(d) Air-to-air missiles (AAM's): South Africa ordered 200 early-model AIM-9B Sidewinder missiles (the same generation as those used by the USAF in the early years of the Vietnam War) in the late 1950's, to equip its Canadair Sabre Mk. 6 fighters. It also purchased French Matra R530 and R550 Magic AAM's with its Mirage fighters in the 1960's and 1970's. The AIM-9B was the subject of a technology study by the CSIR during the late 1960's, producing a 'carbon copy' missile known locally as the Voorslag (which can be idiomatically translated as the first stroke, or lash, or blow, of a whip). The Voorslag, plus information gleaned from the French R550, formed the basis of a program to develop an indigenous infra-red (IR) visual-range (VR) AAM. The result was the V3A Kukri missile, which entered production in 1973. This was one of the first missiles anywhere in the world to use a helmet-mounted sight system. It was followed by the more advanced V3B Kukri (entering production in 1979), V3C Darter (1986) and U-Darter (1997).
The V3B/C's proved satisfactory for rear-aspect engagement of slower aircraft, but were inadequate to deal with the very fast MiG-23's encountered in Angola. They were therefore supplemented in the late 1980's by a quantity of Python 3 AAM's, with all-aspect attack capability, which were purchased from Israel and dubbed the V3S Snake in SAAF service. These, along with all older-model Darter series missiles, were retired with the Cheetah fighters in 2008. A new fifth-generation VR AAM, the V3E A-Darter, is currently under development as a joint venture with Brazil. An early prototype is shown below.
It's claimed that the A-Darter will be at least equal to, if not better than, any other IR-guided VR AAM currently in service. Pending its availability, the SAAF bought some IRIS-T missiles to equip its Gripen fighters. (Development models of the A-Darter have already been successfully integrated with the SAAF's Saab Gripen fighters.)
South Africa pursued research into long-range ground-to-air and air-to-air missiles using ramjet propulsion in the 1980's and 1990's. Very little information has been released about this project, known variously as LRAAM (Long Range Anti-Air Missile) or Project Integral. I've also seen the air-to-air version referred to as the 'S Darter' and/or 'T Darter' by some sources. I suspect 'S Darter' may be correct (although I don't know for sure), but the 'T Darter' designation has been applied by Denel Dynamics to a later project.
Flight Global reported in 1995 that both ground-to-air and air-to-air versions were being developed. Interestingly, a mock-up of this missile was displayed with a rounded glass nose, suggesting an IR guidance system. It's shown below.
The 'glass nose' may have been merely a 'hangover' from the LRAAM's origins in the SAHV surface-to-air missile (which would be further developed into today's Umkhonto surface-to-air missile system). I would have thought LRAAM's long range would imply radar guidance, rather than IR; but it's possible that a combination of mid-course guidance via datalink from the launching platform's radar, followed by terminal IR homing, might have been planned (which is what Umkhonto uses). Not having been part of the project, I couldn't say for sure; and it's of academic interest only, since the LRAAM program was apparently terminated in 1995/96 due to budgetary constraints.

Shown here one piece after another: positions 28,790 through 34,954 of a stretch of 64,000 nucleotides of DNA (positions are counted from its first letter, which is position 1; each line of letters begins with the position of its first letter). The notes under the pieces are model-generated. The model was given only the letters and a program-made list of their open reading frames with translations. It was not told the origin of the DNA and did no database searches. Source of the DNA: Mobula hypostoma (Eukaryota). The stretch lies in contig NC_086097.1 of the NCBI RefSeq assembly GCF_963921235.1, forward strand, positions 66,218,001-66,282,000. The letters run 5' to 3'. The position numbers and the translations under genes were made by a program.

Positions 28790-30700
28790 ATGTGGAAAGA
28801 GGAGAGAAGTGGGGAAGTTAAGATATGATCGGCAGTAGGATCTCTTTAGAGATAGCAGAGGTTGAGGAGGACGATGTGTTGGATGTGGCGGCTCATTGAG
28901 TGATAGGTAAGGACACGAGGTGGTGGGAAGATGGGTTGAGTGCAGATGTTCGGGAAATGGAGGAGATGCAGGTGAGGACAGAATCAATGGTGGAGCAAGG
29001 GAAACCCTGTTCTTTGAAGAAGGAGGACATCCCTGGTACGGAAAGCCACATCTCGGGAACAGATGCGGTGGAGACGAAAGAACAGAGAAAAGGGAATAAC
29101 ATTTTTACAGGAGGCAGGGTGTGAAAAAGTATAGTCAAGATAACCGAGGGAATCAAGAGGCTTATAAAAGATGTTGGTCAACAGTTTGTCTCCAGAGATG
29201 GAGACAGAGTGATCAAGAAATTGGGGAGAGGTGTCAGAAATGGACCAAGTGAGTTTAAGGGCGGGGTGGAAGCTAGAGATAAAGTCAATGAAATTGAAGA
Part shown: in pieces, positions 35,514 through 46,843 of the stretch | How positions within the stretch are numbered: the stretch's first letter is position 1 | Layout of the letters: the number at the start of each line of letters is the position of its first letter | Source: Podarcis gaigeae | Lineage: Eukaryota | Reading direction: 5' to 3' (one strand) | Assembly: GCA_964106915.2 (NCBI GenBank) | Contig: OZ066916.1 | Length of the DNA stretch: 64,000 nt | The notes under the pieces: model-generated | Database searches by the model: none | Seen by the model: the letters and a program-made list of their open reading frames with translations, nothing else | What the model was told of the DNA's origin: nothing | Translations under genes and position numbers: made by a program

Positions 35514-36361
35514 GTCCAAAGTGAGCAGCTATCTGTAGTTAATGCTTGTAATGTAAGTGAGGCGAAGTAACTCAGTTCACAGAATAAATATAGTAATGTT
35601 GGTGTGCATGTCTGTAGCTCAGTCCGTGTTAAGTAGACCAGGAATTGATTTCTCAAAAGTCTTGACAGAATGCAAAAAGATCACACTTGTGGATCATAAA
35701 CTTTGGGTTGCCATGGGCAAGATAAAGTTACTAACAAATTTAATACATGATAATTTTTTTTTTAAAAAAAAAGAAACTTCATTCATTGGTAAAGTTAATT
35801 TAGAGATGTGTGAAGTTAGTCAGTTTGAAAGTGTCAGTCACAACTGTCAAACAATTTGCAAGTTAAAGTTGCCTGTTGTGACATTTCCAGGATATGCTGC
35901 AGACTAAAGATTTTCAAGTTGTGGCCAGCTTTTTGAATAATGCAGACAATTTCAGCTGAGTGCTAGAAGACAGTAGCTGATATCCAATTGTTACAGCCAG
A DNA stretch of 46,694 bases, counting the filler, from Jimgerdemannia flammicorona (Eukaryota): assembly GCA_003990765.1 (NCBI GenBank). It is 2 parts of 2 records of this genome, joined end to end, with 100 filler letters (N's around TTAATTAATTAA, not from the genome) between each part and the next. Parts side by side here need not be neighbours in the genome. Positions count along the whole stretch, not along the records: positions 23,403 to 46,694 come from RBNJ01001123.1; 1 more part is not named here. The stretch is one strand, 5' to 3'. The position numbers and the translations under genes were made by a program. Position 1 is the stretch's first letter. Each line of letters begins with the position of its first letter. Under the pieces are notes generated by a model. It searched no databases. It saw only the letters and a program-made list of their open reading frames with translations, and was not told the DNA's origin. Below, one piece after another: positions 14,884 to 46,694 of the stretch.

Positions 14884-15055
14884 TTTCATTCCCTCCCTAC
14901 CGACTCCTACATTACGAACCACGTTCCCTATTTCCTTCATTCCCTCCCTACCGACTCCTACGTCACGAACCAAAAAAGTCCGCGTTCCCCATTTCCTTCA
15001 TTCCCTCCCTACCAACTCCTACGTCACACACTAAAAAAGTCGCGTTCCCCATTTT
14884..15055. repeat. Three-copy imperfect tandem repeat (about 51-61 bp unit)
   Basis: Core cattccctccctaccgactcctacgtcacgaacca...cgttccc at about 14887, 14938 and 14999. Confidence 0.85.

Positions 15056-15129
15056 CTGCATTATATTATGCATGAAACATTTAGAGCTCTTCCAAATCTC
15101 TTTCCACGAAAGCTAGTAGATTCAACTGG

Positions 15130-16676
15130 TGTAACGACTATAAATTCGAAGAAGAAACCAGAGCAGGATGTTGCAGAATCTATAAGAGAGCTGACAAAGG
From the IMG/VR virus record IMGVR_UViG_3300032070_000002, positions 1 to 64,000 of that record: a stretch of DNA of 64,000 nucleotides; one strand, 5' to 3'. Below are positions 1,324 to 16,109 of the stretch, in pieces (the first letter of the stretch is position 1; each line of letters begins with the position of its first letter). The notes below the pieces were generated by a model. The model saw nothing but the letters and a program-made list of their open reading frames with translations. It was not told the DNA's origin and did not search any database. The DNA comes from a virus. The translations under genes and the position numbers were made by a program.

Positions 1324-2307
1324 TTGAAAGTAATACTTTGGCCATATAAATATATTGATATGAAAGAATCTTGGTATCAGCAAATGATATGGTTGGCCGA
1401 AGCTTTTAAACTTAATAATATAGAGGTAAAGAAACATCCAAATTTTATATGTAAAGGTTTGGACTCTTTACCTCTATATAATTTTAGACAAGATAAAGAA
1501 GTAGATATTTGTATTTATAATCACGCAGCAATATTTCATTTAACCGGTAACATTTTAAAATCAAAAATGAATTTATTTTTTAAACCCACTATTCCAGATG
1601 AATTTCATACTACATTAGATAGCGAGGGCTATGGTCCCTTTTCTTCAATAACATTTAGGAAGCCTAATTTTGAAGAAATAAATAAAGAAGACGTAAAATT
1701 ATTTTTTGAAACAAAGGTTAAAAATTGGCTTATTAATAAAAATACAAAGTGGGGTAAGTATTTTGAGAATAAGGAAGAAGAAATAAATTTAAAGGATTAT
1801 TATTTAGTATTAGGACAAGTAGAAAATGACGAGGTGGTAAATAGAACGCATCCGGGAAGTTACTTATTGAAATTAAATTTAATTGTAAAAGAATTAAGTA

I find it intriguing that the Russian Vympel R-77M-PD (RVV-AE-PD) very-long-range ramjet-powered AAM (shown below) bears a striking external resemblance to the South African LRAAM.
According to the link above, their development programs were under way at about the same time. Might Russia and South Africa have collaborated on this project? Based on the visual similarities between the South African and Russian missiles, and the propulsion technology both used, who knows? Vympel NPO was undoubtedly short of development funds at the end of the Soviet era (as were all Soviet arms manufacturers), and there was already co-operation at that time between the two countries on re-engining South Africa's fighters (see Section 1 above): so a joint project - or at least an exchange of information - isn't beyond the realms of possibility.
Budgetary constraints threatened to prevent the SAAF from fielding a beyond-visual-range (BVR) radar-guided AAM for its Cheetah C fleet. However, after much debate and delay, the V4 R-Darter entered service with the SAAF. It was based on the Python 4 IR missile, and jointly developed by Rafael in Israel (who marketed it as the Derby) and Kentron in South Africa. Kentron maintained that despite their external similarity, the R-Darter was a different missile to the Derby, but this was no more than a continuation of the 1980's policy (discussed in Weekend Wings #39) of insisting that all South African weapons were locally developed, even if they weren't. Kentron's claim was debunked by one of the reasons given for the retirement of the R-Darter in 2008, along with the SAAF's Cheetah fleet; namely that "the missile contained Israeli technology and required continued assistance from that country to remain operational".
The SAAF currently does not have a long-range missile to equip its Saab Gripen fighters. Denel Dynamics (as Kentron is now known) announced in 2008 that it was 'conceptualizing' a new BVR AAM for the Gripen fleet, to be known as the T Darter, but no further news of this project has been made public since then.
(Intriguingly - and to illustrate how confusing news reports can be in the absence of technically literate journalists - in 2003 Pakistan announced the entry into service of what it calls the H-4 BVR missile, said to have a range of 120 kilometers [75 miles]. Indian press reports claim that it's a "modified version of the South African T-Darter BVR missiles", and allege that "In the face of protests from India, the South African government blamed "rogue" elements to collaborate with Pakistan to develop BVRs". Wikipedia calls the H-4 an air-to-surface weapon, but the Indian reports specifically compare it to the "AA11, AA12 and Python 4", all AAM's [the latter being the foundation for the Derby and R-Darter, as previously mentioned]. On the other hand, the mention of a 120km. range for the H-4 corresponds to that claimed for the Kentron Raptor II air-to-surface weapon, described below. It wouldn't surprise me to learn that Pakistan had bought both the Raptor II and a version of the R-Darter from South Africa, and/or a license to produce them. Indian journalists probably confused the two.)